At a previous job of mine we actually had an entirely pure Scala ecosystem using cats which instead uses typeclasses, referential transparency, and other FP concepts as the foundations for how to code. So a lot of flexibility to the language.
[E => *] Type
2 projects | /r/scala | 9 Mar 2023
Thanks! It's used heavily here
for comprehension and some questions
3 projects | /r/scala | 22 Jan 2023
Ask HN: How has functional programming influenced your thinking?
4 projects | news.ycombinator.com | 16 Jan 2023
I did work in Scala for a few years. We employed Cats, and even a bit of Matryoshka though most of the work I do today is in Python.
Nowadays I think about computational requirements in terms of relations among behavioral dependencies. Like, "I want to perform operation O on input A and return a B. To do this, I'll need a way to a -> b and a way to b -> b -> b." I often pass these behavioral dependencies in as arguments and it tends to make the inner core of my programs pretty abstract and built up as layers of specificity.
Zooming out nearly all the way, it makes me feel tethered in a qualitatively unique way to certain deep truths of the universe. In a Platonic sense, invoking certain ideas like a monad make me feel like I'm approaching the divine or at least one instantiation of a timeless universal that operates outside of material existence.
I'd imagine some mathematicians might see the universe in a similar way - one where immortal relations between ontological forms exist beyond time and space and at the same time can be threaded through the material world by intellectual observation and when those two meet a beautiful collision occurs.
yet another post about type classes in Scala
2 projects | dev.to | 2 Jan 2023
Our second type class example attempted to illustrate one last perk: type safety at compile time. It did so with a simplified example of the cats core library for type safety equality comparison between objects. If you're not familiar with cats, go ahead and give it go.
Which functional programming language should I learn?
5 projects | /r/functionalprogramming | 28 Oct 2022
3) Finally, Scala 3 + cats is a great middle ground. It's a great language to teach and learn FP, even if you learn by yourself, without support from other people. There are lots of materials and even if you get stuck with a concept, you can still implement it using what you knew before.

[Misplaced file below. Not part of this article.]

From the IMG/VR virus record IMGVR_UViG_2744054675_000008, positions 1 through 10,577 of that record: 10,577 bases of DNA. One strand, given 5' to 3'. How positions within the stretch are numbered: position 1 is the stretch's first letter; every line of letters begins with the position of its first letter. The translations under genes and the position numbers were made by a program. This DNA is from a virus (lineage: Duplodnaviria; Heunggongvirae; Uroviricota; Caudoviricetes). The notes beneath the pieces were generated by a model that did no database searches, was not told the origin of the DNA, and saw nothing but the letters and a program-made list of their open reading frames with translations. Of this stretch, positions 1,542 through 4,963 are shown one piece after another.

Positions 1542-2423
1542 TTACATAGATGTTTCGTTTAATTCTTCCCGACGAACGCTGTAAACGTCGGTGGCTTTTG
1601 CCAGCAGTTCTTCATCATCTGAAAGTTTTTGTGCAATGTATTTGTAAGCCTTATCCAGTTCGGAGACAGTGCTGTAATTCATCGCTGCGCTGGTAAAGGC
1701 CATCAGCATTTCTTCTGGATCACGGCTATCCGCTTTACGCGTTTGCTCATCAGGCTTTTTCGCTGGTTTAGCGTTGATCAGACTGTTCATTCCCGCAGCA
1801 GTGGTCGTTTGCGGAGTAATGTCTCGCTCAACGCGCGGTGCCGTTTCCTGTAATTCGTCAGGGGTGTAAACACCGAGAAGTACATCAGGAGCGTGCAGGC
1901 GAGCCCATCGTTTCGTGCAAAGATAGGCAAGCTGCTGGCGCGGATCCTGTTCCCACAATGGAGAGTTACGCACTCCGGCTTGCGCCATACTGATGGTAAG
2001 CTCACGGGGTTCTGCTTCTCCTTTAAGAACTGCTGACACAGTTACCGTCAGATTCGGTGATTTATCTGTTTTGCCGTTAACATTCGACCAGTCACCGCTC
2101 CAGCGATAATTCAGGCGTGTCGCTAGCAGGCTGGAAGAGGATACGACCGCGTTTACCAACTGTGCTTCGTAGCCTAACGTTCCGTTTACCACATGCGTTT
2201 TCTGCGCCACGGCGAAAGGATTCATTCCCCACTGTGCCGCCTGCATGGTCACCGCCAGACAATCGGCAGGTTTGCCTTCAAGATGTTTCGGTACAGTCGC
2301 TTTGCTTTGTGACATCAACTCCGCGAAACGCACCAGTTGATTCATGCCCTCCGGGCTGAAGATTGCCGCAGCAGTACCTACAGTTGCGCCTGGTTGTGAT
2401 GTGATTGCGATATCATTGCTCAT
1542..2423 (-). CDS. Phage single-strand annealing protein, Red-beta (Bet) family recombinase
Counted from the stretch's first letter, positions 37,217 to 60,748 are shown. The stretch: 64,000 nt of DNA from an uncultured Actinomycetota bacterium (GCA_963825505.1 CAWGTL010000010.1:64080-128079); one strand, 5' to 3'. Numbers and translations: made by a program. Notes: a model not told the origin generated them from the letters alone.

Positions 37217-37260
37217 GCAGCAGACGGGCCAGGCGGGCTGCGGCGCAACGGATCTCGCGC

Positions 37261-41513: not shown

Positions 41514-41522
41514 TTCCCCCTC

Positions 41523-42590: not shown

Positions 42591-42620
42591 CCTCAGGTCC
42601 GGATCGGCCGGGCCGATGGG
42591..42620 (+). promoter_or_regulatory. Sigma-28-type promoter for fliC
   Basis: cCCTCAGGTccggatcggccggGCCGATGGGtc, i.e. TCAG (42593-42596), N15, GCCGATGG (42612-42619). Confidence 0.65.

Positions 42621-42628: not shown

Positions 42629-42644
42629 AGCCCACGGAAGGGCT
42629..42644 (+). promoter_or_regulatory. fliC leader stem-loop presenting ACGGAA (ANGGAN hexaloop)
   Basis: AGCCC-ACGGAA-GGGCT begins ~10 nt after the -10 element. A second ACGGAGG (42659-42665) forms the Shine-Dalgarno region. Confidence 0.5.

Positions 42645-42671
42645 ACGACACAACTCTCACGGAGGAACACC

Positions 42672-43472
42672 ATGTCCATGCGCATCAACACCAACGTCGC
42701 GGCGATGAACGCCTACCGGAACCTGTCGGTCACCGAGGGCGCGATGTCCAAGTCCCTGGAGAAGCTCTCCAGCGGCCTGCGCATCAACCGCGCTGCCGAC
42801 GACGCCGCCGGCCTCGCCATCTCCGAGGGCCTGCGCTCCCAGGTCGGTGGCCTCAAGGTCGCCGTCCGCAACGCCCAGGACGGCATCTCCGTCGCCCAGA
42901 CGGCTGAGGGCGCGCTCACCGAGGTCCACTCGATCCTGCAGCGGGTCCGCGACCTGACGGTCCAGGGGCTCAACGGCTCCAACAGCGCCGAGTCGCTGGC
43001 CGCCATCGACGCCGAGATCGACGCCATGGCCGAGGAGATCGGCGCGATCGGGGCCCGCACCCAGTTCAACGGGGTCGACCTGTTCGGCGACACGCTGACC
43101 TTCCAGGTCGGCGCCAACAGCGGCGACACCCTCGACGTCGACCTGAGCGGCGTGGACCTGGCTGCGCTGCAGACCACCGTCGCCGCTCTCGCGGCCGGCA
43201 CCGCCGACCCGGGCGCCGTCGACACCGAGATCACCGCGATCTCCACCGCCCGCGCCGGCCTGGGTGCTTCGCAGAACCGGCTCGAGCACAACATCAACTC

Scala Multiplatform. Across the Universe
4 projects | /r/scala | 18 Jun 2022
Who said FP was mandatory? Scala is not Haskell, nor Lisp! If you don't like effect systems and all, don't use them. The choice is yours, actually. Kotlin's coroutines aren't better than what Scala offers. You can even use async/await in Scala. IMO, if you get yourself in a "callback hell" with Scala, then you're not using it properly. For comprehensions are easy to understand, and work with Futures, for instance.
I love Scala but I can't stand:
4 projects | /r/scala | 27 Mar 2022
Here is your async/await ;) https://github.com/scala/scala-async
What are some alternatives?
Scalaz - Principled Functional Programming in Scala
Shapeless - Generic programming for Scala
ZIO - ZIO — A type-safe, composable library for async and concurrent programming in Scala
ScalaTest - A testing tool for Scala and Java developers
Monocle - Optics library for Scala
Quicklens - Modify deeply nested case class fields
Scala Graph - Graph for Scala is intended to provide basic graph functionality seamlessly fitting into the Scala Collection Library. Like the well known members of scala.collection, Graph for Scala is an in-memory graph library aiming at editing and traversing graphs, finding cycles etc. in a user-friendly way.
cats-effect - The pure asynchronous runtime for Scala
Enumeratum - A type-safe, reflection-free, powerful enumeration implementation for Scala with exhaustive pattern match warnings and helpful integrations.
Each - A macro library that converts native imperative syntax to scalaz's monadic expressions
Hamsters - A mini Scala utility library
Ammonite-Ops - Scala Scripting